My cousin John is silhouetted against the west-facing door, his black shirt, black pants, black jacket absorbing the mid-afternoon sun. He looks like the Mexican Mafia. “You look good,” I tell him. I mean it. He’s a bad-ass Chicano Blues Brother. He wears an Apolo Ohno soul patch on his chin. His waist-length hair is frayed at the ends. He could use a trim, a little conditioner. But no, that would ruin the effect.
We line up to have our picture taken with him before we exit. Some have to be on the road to L.A. or the Bay Area. Others will fly to destinations farther north or eastward. One cousin will stay an extra day and install a new shower fixture for my Aunt Rosalva. She wants the kind with pulsating pressure.
My aunts and my mother need to be driven home for naps. The VFW hall is nearly empty, but still we linger a bit, look around, afraid we have forgotten something. Then finally, slowly, we scatter.
Jamie & Rachel in Liza Lou’s Kitchen
by Janet Bowdan
It feels like coming home
only enhanced—like everything really is
easy, like the advertising illustrations:
housewife in heels, shawl-collared dress with
nipped-in waist and A-line skirt
dazzling beholders as she sweeps dust-
bunnies into a pan. The pan is beaded,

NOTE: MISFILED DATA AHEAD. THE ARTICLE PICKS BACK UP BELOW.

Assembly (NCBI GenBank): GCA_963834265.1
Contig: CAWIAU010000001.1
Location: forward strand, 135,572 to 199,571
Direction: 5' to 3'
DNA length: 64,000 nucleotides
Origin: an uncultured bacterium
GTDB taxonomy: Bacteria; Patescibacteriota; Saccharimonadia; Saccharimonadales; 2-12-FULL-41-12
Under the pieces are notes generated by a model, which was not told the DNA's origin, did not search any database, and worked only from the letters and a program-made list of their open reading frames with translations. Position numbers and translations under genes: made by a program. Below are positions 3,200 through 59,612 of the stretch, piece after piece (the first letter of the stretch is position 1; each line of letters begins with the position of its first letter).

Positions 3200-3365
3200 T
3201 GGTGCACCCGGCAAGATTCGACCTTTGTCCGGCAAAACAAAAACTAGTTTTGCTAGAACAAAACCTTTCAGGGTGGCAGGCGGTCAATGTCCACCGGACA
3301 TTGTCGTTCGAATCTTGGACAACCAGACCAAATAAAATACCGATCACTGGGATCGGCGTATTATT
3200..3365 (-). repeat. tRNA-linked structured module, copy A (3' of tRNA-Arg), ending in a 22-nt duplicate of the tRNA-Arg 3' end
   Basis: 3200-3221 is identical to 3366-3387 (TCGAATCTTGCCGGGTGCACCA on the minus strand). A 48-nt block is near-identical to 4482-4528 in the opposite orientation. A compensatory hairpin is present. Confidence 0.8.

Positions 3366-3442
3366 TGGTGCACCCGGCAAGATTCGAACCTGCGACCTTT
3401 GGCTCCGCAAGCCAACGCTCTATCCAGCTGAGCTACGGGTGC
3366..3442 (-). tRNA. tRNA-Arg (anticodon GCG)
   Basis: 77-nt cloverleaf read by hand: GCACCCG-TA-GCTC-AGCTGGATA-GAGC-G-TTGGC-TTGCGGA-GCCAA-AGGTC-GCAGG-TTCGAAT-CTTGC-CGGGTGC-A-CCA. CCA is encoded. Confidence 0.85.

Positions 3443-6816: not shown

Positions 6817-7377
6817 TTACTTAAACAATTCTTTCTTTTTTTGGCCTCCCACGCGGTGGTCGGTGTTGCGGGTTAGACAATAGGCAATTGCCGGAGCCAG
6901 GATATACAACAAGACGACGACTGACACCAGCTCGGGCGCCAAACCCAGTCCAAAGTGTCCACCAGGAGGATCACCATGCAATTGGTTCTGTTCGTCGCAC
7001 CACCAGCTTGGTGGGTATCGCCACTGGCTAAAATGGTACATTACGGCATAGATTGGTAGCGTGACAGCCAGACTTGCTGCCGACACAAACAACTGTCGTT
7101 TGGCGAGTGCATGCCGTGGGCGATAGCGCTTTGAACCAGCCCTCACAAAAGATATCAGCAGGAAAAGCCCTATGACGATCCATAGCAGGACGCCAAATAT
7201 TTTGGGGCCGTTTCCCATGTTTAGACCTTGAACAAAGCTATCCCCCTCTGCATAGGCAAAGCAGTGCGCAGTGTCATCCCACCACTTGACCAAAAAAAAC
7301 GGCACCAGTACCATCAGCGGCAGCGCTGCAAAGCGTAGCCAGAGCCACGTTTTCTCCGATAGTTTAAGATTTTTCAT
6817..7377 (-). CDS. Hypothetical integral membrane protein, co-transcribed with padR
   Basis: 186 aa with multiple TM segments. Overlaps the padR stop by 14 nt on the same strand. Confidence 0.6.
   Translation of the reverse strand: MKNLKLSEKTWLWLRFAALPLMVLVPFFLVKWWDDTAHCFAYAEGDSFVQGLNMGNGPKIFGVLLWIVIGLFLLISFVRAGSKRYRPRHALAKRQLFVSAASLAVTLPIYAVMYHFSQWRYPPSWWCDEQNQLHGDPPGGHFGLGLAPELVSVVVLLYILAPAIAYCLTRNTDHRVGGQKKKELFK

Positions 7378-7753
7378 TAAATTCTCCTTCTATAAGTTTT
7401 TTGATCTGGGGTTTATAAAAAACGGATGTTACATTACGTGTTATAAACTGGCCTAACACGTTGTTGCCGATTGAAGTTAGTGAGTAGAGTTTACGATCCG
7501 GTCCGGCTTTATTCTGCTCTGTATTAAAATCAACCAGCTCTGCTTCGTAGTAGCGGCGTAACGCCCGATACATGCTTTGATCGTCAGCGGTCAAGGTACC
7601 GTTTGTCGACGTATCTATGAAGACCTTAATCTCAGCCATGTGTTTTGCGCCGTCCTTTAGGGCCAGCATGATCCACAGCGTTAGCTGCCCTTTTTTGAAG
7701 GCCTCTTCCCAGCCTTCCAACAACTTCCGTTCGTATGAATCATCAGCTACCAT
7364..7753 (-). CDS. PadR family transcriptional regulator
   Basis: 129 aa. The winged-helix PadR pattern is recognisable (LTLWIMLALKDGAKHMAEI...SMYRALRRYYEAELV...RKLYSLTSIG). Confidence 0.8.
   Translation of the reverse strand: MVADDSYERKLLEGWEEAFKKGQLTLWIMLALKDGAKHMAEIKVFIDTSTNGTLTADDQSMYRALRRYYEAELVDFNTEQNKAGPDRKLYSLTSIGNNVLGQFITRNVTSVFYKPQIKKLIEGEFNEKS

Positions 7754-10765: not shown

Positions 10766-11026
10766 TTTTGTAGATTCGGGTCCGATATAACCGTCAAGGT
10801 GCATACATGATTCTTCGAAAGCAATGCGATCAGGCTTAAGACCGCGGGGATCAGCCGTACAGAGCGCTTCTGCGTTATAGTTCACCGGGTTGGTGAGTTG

the broom bristles and handle and all
are beaded, even the dust-bunnies are beaded
(and shaped like starfish) (More …)
Beach Boy Flies a Kite
by Janet Bowdan
It’s windier than the day before but
they have the kite, a multi-color box
and he’s never flown a kite before,
only seen Charlie Brown frantically
running, even through a house, to
keep that diamond shape up and not
swooping down on him or tangling
everyone up in its line. And wonder
of wonders, this kite, labeled “easy
to fly,” goes up, stays up, pulls away
so they let out the string. It stays up!
The ocean crashes into the shore,
the kite crashes down unharmed; they
take it up again. Later that day, time
to go home: boy curls up under a blanket(More …)
Snoopy on the biplane
by Janet Bowdan
rides the air currents looking for a fight
Soon enough he’s looping, aiming,
my son reading all the noises, which
coincidentally are the noises he makes
with his armory of nerf guns, the ones
James Bond would conceal in a jacket